The Inspiration


Although I have spent countless hours researching and refining these pieces, they’ve actually been incubating somewhere in my psyche since I was about 4 years old. I believe I learned to read with Butler’s Lives of the Saints. Anyone familiar with this 4‑volume set of tomes knows they contain stories every bit as bizarre and intriguing as Grimm’s Fairy Tales (another one of my early favorites). The stories also contain so many Jungian Archtypes and Synchronicity, which I have come to appreciate more and more as patrons let me know about our connections. (See The Hildegarden for a lot more about this.)

It was my godmother and mentor, Aunt Marie (with no children of her own and long since up there with the saints herself for more than 30 years) who introduced me to the the saints, along with virtually any other book I might have been interested in. (And I’m still interested in just about any book!)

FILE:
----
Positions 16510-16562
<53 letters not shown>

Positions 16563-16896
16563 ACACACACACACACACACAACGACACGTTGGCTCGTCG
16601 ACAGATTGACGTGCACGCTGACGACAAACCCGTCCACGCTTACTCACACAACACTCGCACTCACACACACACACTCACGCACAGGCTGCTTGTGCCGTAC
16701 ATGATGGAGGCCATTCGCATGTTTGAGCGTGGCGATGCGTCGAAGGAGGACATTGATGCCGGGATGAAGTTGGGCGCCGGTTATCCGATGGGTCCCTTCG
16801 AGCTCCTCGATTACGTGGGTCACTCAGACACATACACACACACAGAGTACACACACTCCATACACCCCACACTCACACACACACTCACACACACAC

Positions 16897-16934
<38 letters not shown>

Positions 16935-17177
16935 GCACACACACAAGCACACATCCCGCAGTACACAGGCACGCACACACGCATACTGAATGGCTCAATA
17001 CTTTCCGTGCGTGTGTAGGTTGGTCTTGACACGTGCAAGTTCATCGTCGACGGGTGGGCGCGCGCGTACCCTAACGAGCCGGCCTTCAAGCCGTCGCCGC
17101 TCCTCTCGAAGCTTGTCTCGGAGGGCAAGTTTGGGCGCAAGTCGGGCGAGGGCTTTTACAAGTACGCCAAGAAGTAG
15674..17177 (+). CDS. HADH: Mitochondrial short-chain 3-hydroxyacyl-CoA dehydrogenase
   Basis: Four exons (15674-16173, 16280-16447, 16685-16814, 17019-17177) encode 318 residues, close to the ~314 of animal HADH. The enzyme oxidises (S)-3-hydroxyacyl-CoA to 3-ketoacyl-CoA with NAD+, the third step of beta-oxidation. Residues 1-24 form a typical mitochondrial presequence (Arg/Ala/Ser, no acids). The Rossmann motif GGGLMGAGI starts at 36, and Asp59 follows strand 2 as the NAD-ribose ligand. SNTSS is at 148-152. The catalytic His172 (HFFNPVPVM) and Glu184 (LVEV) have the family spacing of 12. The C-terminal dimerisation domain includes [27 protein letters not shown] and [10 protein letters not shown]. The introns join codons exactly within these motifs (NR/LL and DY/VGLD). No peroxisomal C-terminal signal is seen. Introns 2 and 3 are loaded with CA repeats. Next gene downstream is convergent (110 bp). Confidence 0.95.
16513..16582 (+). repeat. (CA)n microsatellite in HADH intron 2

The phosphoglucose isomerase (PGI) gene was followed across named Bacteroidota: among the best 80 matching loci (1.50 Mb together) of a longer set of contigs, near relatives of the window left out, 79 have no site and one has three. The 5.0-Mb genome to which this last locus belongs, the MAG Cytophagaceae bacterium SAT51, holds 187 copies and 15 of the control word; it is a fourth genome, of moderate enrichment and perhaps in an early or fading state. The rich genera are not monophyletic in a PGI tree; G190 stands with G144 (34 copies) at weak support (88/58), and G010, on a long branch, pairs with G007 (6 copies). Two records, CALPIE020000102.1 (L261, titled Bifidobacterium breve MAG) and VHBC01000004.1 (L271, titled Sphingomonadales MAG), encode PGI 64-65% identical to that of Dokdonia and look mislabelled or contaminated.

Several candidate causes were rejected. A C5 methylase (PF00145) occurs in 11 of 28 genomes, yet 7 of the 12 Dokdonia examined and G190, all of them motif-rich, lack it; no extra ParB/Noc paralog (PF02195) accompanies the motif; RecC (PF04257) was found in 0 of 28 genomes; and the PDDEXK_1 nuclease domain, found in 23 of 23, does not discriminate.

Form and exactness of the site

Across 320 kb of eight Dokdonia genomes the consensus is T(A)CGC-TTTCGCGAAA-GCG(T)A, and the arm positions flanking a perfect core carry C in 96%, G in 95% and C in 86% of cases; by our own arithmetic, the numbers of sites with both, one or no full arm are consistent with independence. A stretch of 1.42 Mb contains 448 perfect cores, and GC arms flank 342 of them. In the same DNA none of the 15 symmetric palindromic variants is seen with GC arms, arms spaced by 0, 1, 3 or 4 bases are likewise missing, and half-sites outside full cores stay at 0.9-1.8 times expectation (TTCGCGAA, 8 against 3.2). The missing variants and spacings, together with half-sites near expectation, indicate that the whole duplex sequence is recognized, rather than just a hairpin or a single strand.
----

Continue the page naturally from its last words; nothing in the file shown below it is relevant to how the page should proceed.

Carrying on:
It was those fantastic, heroic tales and historical glimpses that have stayed with me, finally coming forth to blend with the skills and interests I’ve acquired through the years.

Typical of her generation, aunt Mame was a conservative Catholic and a Goldwater Republican, yet she also was concerned with the environment (I inherited her extensive library, which includes a first edition of Silent Spring). She loved animals and gardening and in part was the inspiration for my St. Roch and St. Fiacre. I include flora and fauna in all my pieces.

She also loved history and did her best to make it come alive for me (I fell in love with Thomas Jefferson and Monticello on a trip we took when I was 12. I combined Jefferson and Fiacre in one of our free “Connection Quotations.”)

St. Fiacre “Connection Quotation”

A dietitian by profession, Aunt Mame was more scientist than artist. However she was terrific with food presentation (I also inherited a first edition of The Joy of Cooking) and caused a stir when she insisted on having such radical food as whole grain bread and mixed salad greens in the hospital cafeteria in the early sixties (the white-bread years).

I dedicated the St. Martha Anachron to my Aunt Marie. I still talk to her and I know she is listening.

St. Martha Anachron